This includes all accounts in which the US citizen has a financial interest. This may include a joint account with a spouse or child, corporate accounts in which the American holds more than 50% of the value of the shares, or some trust or inheritance that benefits the American citizen.
The Tax Compliance Act – the newer law – requires foreign financial institutions such as banks, hedge funds and equity funds to provide the IRS with information about US clients.
The United States and five European Union countries recently announced their intention to allow institutions to report information through their own governments rather than directly to the IRS.
Non-compliant institutions will be subject to a 30% withholding tax on certain payments and income from property sales in the United States beginning in fiscal 2013, such as dividends from investments in U.S. companies.
Some immigrants say they have not known about the first ordinance for years or even decades. In 2008, the IRS received only 218,840 such declarations. U.S. citizenship law grants citizenship to almost anyone born in the United States or born abroad to American parents, regardless of how long they have spent in the United States. Many may not even know the extent of their ties to the United States.
In 2004, the stakes for non-compliance increased. Lack of declaration means potential fines and criminal charges. Americans abroad can be punished for non-compliance, even if they do not owe income tax – and IRS data show that most of them do not owe money.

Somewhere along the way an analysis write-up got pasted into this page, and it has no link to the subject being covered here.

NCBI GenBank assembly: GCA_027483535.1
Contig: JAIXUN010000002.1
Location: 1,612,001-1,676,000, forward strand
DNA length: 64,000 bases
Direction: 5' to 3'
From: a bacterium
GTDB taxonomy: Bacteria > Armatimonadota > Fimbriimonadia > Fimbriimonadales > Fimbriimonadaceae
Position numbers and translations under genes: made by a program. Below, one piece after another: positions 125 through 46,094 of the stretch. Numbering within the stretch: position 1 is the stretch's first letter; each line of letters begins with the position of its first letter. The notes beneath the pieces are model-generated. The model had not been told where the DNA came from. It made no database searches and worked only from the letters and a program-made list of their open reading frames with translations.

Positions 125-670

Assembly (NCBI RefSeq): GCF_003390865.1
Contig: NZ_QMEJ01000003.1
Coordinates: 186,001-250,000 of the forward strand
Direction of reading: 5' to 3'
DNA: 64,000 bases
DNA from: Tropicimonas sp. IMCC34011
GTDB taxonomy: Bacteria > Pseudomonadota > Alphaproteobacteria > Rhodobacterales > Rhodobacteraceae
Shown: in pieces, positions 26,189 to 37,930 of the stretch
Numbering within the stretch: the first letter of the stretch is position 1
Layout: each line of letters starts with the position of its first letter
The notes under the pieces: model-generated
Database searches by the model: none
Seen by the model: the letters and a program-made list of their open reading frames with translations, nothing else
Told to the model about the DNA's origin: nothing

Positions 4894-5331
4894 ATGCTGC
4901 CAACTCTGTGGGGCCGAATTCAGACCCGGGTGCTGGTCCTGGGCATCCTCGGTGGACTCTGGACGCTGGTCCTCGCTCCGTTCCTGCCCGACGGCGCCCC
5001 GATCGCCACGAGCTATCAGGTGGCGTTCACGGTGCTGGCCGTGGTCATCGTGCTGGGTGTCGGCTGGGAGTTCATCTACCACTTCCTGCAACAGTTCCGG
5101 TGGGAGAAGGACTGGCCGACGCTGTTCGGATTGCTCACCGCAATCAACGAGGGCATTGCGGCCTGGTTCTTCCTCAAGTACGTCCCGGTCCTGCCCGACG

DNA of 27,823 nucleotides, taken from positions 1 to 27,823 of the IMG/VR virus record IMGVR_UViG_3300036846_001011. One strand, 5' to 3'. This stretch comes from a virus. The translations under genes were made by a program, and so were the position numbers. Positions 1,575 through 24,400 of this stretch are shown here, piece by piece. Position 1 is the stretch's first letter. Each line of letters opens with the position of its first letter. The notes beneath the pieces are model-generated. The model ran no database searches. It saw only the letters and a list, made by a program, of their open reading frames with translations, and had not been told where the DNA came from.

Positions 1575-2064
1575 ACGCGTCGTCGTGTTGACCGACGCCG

Income up to $ 95,100 is not taxed under a rule called Exclusion of Foreign Income. In 2009, the income limit was $ 91,400, and 88% of all taxpayers claiming to exclude foreign income owe nothing.
Since 2008, the IRS has offered several grace periods for voluntary disclosure, during which immigrants can file taxes back without facing criminal charges, but with the possibility of imposing sanctions.
Marilouise Serrato, head of American Citizens Abroad, a Geneva-based nonprofit, says many members feel intimidated by reporting requirements they didn’t know existed. Their frustration, she says, prompts some to give up.
“Americans abroad are horrified. We’ve made people pay tens of thousands of dollars in fines. We had people … they pay huge sums of taxes back, ” Says Marilouise Serrato.
“So far, we have never heard of anyone giving up, or if they did, they didn’t talk about it.” says Marilouise Serrato, who says her group is not advocating for a waiver.
“Now we see a lot of people talking openly about it and coming to us for information.”
Congress notes. “While I fully support measures that reduce fraud and deal with offshore shelters, the United States should not have policies that impose an undue burden on legitimate Americans abroad.” says Representative Carolyn Maloney, D-NY, and chairwoman of the Congress of American Parties Abroad.
Carolyn Maloney says she has referred the matter to the Treasury, which oversees the IRS.
The IRS did not respond to requests for comment.
Lawyers say banking is a big reason people give up.
“I hear about banking problems over and over and over again,” says Phil Hodgen, a lawyer who has been helping Americans emigrate since 2008.
The new reporting rules, he says, represent “a huge administrative burden. That’s what made Americans too expensive to behave. “